"I expect to see this camp with all its force when it fights for the path of the Likud in the primaries and I have no doubt in the second phase we will win and the Likud will win," Netanyahu said.

Uzi Landau, another prominent opponent of Sharon, said it was now up to the prime minister to unify the party. "If he wants, it will be unified. If he continues his past practices, it will not."

Sharon did not immediately react to the vote. As he cast his ballot earlier Monday, he warned that the early elections proposal would "badly harm the Likud."

Sharon confidants said that with a defeat, he likely would have quit Likud and competed in general elections as the head of a new centrist party. Such a run by Sharon, who is popular among the Israeli general public, would strengthen the political center, pushed Likud to the political fringe, and likely improve chances of a Mideast peace deal.

Sharon has expressed hope that the Gaza withdrawal could lead to a resumption of peace talks, and he has voiced support for an independent Palestinian state.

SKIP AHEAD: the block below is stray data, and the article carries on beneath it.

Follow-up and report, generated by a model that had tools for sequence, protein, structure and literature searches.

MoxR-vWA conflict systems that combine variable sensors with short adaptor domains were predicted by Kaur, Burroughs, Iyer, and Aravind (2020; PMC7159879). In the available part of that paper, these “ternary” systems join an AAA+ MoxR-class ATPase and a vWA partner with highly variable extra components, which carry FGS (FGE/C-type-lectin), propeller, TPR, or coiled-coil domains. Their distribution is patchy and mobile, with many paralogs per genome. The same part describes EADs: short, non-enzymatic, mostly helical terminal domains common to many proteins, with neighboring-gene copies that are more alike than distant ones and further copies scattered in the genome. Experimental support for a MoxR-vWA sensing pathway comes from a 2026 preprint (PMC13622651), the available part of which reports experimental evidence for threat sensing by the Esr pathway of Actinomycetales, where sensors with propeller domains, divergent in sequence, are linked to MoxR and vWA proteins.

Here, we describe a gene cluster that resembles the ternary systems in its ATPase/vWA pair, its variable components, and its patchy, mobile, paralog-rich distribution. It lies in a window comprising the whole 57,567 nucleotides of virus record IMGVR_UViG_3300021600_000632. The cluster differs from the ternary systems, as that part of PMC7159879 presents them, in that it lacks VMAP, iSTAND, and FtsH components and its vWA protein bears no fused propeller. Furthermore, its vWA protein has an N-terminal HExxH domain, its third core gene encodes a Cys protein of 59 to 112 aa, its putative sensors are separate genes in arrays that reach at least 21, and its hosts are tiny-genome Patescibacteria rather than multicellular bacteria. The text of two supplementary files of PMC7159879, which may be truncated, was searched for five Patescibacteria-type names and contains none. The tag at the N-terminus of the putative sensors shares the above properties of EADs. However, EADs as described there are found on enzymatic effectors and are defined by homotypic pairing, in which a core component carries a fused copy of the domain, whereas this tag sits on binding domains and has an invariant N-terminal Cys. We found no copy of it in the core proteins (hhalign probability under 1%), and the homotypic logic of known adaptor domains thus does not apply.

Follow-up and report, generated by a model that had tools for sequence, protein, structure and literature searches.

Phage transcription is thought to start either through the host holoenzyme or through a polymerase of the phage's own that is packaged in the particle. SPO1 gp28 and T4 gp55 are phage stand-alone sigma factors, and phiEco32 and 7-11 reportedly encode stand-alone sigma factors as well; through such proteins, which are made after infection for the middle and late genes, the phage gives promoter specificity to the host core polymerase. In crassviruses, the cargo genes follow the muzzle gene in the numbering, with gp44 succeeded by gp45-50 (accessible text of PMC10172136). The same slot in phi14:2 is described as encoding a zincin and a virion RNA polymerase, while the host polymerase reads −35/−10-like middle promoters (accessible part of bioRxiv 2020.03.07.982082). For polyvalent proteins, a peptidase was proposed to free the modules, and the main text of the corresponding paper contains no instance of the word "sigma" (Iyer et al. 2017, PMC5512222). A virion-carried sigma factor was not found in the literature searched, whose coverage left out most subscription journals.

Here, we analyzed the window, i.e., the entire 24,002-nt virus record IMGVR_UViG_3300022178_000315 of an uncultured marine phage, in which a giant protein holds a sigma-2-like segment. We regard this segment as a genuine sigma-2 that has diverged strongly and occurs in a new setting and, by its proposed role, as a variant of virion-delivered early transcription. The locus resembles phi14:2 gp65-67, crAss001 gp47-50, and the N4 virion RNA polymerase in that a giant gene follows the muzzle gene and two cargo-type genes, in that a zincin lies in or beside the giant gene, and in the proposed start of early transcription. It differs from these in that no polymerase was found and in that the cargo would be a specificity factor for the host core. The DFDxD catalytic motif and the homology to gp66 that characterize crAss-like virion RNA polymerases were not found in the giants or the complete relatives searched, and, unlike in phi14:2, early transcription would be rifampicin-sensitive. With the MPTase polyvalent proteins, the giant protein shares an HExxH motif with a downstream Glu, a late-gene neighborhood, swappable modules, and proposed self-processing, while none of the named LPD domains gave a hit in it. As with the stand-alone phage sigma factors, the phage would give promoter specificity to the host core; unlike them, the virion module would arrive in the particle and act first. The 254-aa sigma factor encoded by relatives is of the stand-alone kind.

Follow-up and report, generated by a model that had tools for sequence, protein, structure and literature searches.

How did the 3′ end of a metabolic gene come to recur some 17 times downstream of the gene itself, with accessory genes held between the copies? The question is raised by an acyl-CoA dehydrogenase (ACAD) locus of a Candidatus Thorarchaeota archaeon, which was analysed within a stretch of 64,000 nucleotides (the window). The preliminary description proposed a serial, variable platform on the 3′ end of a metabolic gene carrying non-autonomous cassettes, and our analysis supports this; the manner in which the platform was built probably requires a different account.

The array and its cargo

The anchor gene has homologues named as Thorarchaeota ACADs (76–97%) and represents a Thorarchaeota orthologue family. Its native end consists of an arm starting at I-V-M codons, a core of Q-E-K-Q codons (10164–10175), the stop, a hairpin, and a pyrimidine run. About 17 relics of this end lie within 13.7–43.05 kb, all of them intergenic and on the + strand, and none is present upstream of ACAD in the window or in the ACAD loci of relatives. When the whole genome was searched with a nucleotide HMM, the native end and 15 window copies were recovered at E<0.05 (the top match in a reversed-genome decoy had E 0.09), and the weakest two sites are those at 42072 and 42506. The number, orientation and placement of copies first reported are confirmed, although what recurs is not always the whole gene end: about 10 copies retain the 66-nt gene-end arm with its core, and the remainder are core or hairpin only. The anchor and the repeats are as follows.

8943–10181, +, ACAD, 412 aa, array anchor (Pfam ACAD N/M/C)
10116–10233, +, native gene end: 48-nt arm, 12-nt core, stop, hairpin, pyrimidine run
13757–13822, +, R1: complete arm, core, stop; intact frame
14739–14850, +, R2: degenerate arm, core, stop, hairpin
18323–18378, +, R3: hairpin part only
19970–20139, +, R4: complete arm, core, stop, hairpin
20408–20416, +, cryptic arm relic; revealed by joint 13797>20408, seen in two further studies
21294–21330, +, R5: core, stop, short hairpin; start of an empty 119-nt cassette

The prime minister is still expected to face a tough challenge from Netanyahu in the party primary. And his junior coalition partner, the centrist Labor Party, has hinted at leaving the government and forcing early general elections if peace efforts stall. Elections are currently scheduled in November 2006.

Sharon has brushed off repeated attempts by party hard-liners to defeat him since announcing plans for the Gaza withdrawal nearly two years ago. In a boost for Sharon, one of the Likud "rebels," Gilad Erdan, said after Monday's vote that he would call on the party to line up behind Sharon.

Polls in recent days had shown Netanyahu with as much as a 12-point lead among Likud voters, and a barrage of rockets launched at Israel by Palestinian militants was expected to further bolster Sharon's opponents. Netanyahu has repeatedly warned the Gaza pullout would encourage Palestinian violence.